Location: Warmwater Aquaculture Research Unit2007 Annual Report
Research will address methods to determine the presence of pathogens in catfish/catfish products and to maximize elimination methods. Detection techniques will be developed to aid in processing and packaging operations, which should further enhance product safety. Specifically the new objectives are: 1)Optimize safety of aquaculture products through innovative processes for reducing microbiological, physical and chemical hazards in seafood/aquaculture products. 2)Determine the mechanisms influencing microbial survival of selected pathogens in seafood/aquaculture products. 3)Optimize the market value of seafood/aquaculture products through enhanced food safety and quality.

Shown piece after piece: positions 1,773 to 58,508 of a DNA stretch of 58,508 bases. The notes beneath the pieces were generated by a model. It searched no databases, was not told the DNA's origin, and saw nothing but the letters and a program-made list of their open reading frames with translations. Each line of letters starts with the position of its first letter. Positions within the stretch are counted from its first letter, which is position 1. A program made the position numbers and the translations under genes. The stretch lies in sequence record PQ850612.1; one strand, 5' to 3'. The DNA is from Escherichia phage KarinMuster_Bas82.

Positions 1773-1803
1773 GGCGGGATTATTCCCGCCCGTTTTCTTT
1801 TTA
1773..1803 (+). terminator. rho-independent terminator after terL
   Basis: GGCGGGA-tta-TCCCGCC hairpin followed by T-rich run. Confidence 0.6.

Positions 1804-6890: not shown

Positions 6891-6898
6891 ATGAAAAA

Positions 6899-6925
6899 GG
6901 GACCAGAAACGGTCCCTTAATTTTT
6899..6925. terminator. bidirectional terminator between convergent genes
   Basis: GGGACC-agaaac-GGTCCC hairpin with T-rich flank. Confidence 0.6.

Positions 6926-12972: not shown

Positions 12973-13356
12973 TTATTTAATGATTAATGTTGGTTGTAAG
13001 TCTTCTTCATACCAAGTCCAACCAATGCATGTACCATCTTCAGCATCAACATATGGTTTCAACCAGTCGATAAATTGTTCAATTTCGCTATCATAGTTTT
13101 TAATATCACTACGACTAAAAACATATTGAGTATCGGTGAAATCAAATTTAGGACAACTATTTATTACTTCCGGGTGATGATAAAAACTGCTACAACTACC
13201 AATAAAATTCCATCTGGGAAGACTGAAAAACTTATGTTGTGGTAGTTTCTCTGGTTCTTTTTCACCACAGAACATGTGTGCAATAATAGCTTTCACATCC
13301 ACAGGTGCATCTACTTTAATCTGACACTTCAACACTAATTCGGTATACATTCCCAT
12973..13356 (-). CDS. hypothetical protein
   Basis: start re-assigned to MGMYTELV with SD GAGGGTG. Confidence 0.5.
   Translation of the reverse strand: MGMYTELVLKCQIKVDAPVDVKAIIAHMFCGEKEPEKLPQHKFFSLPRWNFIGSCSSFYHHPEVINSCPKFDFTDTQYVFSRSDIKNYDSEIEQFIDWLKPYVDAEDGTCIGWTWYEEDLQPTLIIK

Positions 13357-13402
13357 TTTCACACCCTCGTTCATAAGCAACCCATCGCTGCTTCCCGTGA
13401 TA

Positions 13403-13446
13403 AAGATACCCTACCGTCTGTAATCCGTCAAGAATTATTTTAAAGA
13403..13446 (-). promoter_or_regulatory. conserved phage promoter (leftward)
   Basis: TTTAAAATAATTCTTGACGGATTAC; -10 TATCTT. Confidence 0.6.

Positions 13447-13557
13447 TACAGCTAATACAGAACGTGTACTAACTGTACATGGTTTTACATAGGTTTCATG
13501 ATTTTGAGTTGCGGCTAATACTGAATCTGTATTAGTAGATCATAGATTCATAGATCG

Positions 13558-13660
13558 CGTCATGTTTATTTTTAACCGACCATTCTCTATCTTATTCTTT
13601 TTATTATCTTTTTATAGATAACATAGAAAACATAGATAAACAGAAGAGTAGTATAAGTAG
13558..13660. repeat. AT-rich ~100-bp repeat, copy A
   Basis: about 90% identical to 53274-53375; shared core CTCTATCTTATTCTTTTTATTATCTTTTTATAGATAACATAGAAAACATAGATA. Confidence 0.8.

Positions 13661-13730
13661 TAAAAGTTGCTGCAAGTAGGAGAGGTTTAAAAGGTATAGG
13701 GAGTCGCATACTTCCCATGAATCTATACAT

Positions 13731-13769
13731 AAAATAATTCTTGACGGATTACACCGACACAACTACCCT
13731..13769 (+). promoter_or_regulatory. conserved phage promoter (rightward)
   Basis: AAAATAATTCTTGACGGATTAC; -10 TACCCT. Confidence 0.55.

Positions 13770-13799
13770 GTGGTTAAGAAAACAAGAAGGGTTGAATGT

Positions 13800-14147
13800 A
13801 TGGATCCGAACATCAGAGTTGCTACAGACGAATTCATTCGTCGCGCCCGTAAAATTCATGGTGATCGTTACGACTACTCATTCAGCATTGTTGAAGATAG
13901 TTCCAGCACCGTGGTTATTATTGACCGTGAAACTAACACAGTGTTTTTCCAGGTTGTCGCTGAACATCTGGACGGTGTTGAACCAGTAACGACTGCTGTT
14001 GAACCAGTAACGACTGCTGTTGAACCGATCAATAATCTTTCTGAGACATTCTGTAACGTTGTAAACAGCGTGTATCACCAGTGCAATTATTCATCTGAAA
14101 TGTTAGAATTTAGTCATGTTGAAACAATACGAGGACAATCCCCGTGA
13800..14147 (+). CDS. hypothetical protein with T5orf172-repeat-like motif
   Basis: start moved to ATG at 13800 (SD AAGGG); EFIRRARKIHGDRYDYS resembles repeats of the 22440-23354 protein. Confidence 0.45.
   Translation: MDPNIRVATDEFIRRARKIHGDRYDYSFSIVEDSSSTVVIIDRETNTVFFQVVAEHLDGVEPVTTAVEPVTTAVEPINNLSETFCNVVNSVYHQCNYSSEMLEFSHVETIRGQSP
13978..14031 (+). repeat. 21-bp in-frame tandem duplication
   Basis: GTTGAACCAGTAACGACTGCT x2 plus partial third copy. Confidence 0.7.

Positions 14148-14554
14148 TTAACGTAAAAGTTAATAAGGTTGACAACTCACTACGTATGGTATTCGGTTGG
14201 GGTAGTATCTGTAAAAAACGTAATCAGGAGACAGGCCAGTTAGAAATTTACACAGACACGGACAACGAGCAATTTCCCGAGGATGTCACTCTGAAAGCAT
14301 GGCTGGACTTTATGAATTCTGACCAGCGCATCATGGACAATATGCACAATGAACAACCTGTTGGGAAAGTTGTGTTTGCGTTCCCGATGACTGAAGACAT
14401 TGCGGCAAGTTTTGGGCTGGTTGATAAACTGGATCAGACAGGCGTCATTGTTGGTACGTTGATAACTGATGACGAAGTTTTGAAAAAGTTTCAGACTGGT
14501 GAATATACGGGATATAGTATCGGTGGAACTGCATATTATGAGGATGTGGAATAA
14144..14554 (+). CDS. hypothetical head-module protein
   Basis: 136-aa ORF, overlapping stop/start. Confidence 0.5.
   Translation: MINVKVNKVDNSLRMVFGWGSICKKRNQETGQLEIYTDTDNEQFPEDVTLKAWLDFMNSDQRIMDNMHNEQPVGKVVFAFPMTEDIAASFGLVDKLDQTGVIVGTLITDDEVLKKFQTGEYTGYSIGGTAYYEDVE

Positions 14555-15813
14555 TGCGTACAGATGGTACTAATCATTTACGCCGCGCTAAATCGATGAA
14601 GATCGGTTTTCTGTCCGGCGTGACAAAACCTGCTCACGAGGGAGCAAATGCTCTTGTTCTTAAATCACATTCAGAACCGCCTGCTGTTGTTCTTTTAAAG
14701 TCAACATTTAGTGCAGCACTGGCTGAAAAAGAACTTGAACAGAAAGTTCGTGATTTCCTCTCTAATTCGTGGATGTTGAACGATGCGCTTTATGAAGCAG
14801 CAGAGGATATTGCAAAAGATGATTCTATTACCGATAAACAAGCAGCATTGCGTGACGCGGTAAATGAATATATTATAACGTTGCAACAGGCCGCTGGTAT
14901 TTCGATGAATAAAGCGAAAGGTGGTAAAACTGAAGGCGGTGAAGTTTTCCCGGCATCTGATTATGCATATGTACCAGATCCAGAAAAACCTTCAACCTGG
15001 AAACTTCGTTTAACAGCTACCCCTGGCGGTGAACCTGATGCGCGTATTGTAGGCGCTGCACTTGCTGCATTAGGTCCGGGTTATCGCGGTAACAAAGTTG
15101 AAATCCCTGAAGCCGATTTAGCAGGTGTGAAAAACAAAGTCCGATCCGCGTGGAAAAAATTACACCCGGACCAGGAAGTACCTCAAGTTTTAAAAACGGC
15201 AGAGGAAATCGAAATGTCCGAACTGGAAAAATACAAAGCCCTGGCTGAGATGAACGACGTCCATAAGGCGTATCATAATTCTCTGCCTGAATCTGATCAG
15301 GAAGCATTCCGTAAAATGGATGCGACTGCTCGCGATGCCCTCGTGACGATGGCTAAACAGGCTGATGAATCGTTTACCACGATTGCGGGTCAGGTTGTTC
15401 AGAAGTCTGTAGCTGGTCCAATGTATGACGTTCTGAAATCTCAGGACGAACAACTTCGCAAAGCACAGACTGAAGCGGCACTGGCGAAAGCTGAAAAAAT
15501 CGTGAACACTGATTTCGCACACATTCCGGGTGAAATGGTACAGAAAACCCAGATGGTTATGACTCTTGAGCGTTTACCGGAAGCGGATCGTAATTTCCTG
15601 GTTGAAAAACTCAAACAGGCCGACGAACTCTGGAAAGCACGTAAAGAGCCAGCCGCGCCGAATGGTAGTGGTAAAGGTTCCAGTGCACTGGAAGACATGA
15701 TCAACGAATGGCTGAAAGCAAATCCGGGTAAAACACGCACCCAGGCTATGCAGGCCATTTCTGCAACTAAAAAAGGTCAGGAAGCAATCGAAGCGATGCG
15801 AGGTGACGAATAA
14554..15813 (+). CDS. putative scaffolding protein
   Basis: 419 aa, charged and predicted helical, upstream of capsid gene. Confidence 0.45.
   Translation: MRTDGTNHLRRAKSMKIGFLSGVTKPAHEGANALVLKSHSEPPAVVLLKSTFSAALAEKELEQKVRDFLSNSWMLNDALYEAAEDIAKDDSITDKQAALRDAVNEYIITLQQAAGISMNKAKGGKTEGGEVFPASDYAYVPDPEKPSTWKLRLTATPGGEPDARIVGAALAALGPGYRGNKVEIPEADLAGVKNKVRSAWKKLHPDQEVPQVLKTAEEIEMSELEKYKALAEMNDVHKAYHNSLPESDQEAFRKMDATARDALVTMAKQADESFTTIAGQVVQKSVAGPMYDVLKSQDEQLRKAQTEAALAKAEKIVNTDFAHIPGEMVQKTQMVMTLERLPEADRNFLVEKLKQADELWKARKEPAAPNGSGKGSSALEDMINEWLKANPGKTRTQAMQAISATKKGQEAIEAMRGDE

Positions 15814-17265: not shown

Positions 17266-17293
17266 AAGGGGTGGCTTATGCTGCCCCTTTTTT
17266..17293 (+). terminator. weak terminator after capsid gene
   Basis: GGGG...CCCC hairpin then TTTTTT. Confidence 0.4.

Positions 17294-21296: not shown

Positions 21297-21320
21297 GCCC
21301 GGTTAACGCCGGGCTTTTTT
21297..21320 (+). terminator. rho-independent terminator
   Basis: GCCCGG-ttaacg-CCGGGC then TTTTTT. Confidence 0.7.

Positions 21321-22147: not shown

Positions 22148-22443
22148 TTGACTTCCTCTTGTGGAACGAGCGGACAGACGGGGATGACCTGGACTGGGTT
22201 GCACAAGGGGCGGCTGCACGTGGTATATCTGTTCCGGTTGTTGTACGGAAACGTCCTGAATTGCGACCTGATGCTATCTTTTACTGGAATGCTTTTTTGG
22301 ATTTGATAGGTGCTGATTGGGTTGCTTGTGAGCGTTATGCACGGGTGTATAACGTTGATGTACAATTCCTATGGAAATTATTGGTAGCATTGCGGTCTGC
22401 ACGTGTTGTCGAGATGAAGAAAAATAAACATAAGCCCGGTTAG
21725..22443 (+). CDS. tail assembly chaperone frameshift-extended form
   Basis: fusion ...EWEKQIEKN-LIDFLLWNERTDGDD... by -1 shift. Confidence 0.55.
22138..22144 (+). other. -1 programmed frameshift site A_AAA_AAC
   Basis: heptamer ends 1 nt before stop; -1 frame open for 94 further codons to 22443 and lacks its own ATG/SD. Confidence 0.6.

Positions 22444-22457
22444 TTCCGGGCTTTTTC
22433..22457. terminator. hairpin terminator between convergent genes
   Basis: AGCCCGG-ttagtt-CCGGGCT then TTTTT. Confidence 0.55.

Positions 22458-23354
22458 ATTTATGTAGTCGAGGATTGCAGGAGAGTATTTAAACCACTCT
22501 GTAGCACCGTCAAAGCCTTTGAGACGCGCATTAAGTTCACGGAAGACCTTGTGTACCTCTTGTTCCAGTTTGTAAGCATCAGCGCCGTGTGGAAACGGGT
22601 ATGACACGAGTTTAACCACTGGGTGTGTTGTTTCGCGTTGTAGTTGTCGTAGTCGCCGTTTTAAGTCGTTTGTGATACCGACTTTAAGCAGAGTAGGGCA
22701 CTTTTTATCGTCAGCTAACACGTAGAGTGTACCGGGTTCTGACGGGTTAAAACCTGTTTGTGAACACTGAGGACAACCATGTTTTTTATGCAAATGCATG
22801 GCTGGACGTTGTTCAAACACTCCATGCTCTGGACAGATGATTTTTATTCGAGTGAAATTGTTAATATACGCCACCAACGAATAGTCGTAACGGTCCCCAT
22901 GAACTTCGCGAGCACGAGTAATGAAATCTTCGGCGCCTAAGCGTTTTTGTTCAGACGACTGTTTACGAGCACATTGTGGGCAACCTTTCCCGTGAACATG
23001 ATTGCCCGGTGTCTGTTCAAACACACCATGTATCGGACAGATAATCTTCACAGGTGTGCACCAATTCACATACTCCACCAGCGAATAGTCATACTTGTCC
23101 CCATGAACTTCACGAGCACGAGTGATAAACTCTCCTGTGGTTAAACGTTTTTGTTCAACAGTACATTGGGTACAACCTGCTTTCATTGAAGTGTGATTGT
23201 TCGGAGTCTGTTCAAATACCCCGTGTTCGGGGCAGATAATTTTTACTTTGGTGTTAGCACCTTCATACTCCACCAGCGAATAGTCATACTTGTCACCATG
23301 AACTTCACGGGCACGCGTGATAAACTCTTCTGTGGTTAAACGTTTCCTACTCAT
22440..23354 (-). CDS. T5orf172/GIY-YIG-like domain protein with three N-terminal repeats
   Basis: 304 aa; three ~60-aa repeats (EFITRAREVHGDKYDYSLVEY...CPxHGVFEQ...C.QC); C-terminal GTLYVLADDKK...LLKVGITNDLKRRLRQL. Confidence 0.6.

These funds will be used for 1) Extramural research with Mississippi Center for Food Safety and 2) Aflatoxin research. Original start and term dates 5/14/93-5/13/98, then 05/14/98 - 05/13/03, then 05/14/03 - 05/13/08.